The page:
There is always change for change's sake and resistance to change. When we flip toward the human and away from the divine then we only ask for trouble. When we think of religion before we think of God, politics before we think of morality, sex before love, any human thought or action before God's then we have create clay idols of human construct.
John bears the distinction of being the only official Scotsman martyr. Born a Calvinist, he was convicted for his insistence on the primacy of the Pope in spiritual matters, a position from which, even after torture, trials, and conviction, he never wavered. Before his hanging (he was the child of nobility) he remain openly defiant saying: “If there be here any hidden Catholics, let them pray for me but the prayers of heretics I will not have.”
John strove to serve the "hidden Catholics" of his native land and while he may have made no friends with statements like that, his last actions did inspire some to re-look deeper at the mysteries of the Church.
Let us remember to put God first and personal feeling aside as we strive to serve all humanity and especially God's children.
Not to us, LORD, not to us but to your name give glory because of your mercy and faithfulness.
Their idols are silver and gold, the work of human hands. They have mouths but do not speak, eyes but do not see. They have ears but do not hear, noses but do not smell. They have hands but do not feel, feet but do not walk; they produce no sound from their throats. Their makers will be like them, and anyone who trusts in them. The house of Israel trusts in the LORD, who is their help and shield.
-- Psalm 115:1, 4-9
This feast always falls within Lent even on the latest start date for Ash Wednesday, and I think that has meaning. The three pieties of Lent, Prayer, Fasting, and Almsgiving are truly brought to mind in this saint.
Frances is known as being a reluctant bride, for feeling trapped in various worlds, and especially for her charity to the poor and sick, but there is another aspect that I want to focus on: the Christian idea of love that manifests itself in deep friendship. Frances developed deep friendships with people that she initially dismissed, even those close to her in her family, people who, once she took the risk to share her truest and deepest beliefs with, surprised her with equal love and support. In the end she is probably better known for the quotes of others directed at her, rather than any thing she said which shows the power of that humble love.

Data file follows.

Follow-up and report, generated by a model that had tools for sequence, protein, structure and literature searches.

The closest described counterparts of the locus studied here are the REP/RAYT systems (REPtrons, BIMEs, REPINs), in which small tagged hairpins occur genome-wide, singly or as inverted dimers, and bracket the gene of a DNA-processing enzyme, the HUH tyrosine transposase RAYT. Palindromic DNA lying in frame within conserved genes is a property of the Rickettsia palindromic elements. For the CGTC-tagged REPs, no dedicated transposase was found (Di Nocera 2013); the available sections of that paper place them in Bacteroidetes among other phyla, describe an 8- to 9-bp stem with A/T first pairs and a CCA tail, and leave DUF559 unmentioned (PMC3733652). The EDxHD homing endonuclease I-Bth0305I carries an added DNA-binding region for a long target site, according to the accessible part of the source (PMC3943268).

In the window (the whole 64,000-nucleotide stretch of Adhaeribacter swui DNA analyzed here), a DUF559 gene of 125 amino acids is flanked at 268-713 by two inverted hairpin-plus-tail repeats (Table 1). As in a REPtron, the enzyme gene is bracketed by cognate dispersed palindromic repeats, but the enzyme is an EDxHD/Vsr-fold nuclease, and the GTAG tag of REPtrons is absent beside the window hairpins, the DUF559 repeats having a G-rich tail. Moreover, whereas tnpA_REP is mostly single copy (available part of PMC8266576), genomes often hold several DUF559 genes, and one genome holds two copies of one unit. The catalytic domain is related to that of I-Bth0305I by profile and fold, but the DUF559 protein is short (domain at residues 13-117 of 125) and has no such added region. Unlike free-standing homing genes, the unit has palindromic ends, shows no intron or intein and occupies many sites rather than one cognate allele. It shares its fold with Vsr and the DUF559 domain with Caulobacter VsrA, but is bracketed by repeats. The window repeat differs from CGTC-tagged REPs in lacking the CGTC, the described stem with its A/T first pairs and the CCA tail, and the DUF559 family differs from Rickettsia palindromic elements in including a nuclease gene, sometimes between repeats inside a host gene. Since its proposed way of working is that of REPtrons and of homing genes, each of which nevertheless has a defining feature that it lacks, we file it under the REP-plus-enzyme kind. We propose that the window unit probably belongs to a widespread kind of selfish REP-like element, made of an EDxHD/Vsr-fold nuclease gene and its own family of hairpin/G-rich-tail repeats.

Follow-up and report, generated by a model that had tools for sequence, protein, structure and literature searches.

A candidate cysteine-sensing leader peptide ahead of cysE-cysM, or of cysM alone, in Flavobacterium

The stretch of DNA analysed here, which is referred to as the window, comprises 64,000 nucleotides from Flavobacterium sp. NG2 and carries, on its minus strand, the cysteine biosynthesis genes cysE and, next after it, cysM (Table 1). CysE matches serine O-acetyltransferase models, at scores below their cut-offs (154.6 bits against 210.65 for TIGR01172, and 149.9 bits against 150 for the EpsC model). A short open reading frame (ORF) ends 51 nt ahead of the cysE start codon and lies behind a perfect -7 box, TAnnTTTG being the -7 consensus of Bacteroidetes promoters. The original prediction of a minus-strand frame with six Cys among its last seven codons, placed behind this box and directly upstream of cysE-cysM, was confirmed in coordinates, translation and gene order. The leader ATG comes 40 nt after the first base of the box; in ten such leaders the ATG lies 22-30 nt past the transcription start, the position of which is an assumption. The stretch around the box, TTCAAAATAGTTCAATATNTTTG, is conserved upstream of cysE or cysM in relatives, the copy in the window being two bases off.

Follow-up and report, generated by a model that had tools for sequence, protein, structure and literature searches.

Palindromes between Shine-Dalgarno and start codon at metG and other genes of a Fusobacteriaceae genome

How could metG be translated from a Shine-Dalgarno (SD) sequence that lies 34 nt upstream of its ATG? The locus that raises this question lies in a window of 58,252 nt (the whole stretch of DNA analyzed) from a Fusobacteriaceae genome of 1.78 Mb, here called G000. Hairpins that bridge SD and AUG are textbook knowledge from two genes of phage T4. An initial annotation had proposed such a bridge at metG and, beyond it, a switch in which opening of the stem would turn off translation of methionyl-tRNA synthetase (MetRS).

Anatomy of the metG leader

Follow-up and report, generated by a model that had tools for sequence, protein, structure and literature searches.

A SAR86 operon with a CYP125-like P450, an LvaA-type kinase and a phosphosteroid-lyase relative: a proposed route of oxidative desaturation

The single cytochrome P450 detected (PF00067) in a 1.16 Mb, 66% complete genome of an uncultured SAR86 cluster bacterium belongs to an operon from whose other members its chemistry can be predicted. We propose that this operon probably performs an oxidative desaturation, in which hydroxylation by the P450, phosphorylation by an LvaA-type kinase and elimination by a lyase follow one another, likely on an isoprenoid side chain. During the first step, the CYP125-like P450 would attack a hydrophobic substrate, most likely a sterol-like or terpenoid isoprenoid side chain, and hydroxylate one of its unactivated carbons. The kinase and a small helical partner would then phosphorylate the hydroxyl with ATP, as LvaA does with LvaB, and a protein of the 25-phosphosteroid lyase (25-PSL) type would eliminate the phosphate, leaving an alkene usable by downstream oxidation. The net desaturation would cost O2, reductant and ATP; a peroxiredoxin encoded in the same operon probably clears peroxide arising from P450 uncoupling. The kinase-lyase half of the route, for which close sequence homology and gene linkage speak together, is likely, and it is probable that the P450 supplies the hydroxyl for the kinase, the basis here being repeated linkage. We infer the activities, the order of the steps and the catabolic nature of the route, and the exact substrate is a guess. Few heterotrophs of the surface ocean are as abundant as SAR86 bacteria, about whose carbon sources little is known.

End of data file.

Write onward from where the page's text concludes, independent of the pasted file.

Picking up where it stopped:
Spiritual friendship is perhaps a lost concept in this "connected" world that we live in but it is a great answer to it. The more we "connect" through technology alone, the bigger the wedge we drive in our daily interactions and relationships. We can fail to see the forest for the trees; we can dismiss others before know them.
Frances reminds us to love personally, freely, and deeply despite the risks.
And a special shout out to one of my favs, Gregory of Nyssa - Church Father; check him out.
Is this not, rather, the fast that I choose: releasing those bound unjustly, untying the thongs of the yoke; Setting free the oppressed, breaking off every yoke? Is it not sharing your bread with the hungry, bringing the afflicted and the homeless into your house; Clothing the naked when you see them, and not turning your back on your own flesh? Then your light shall break forth like the dawn, and your wound shall quickly be healed; Your vindication shall go before you, and the glory of the LORD shall be your rear guard. Then you shall call, and the LORD will answer, you shall cry for help, and he will say: “Here I am!” If you remove the yoke from among you, the accusing finger, and malicious speech; If you lavish your food on the hungry and satisfy the afflicted; Then your light shall rise in the darkness, and your gloom shall become like midday; Then the LORD will guide you always and satisfy your thirst in parched places, will give strength to your bones And you shall be like a watered garden, like a flowing spring whose waters never fail.
-- Isaiah 58:6-11
Scrupulosity does no one any good. To concentrate only on one's sinfulness and not turn outward toward God's mercy and reconciliation defeats the purpose of Jesus' death and shuts one off from the suffering of others.
We should be sorry for our sins, no question. Guilt and sorrow can lead us to reconciliation but if we never go past them then we are not advancing in holiness. Jesus reminds us that those who seek personal reward and recognition have only that (cf. Matthew 6:1-6); we also cannot look to God but keep our hand upon the plow (Luke 9:59-62).
Such was our saint today. John spent his early life in dissolute living and when he turned to God, his scrupulosity got the better of him. He sought martyrdom, and when dissuaded from that he publicly beat himself, publicly begging for mercy, and other non-rational actions (he was committed for a time) trying to repent for his past life.
With strong spiritual guidance he was able to come to understand true humility, and that it was not all about him and his sinfulness. He then turned outward, serving the sick and poor and inspiring others to do the same. Only then, did he find the true peace of reconciliation and true mercy for his sinfulness.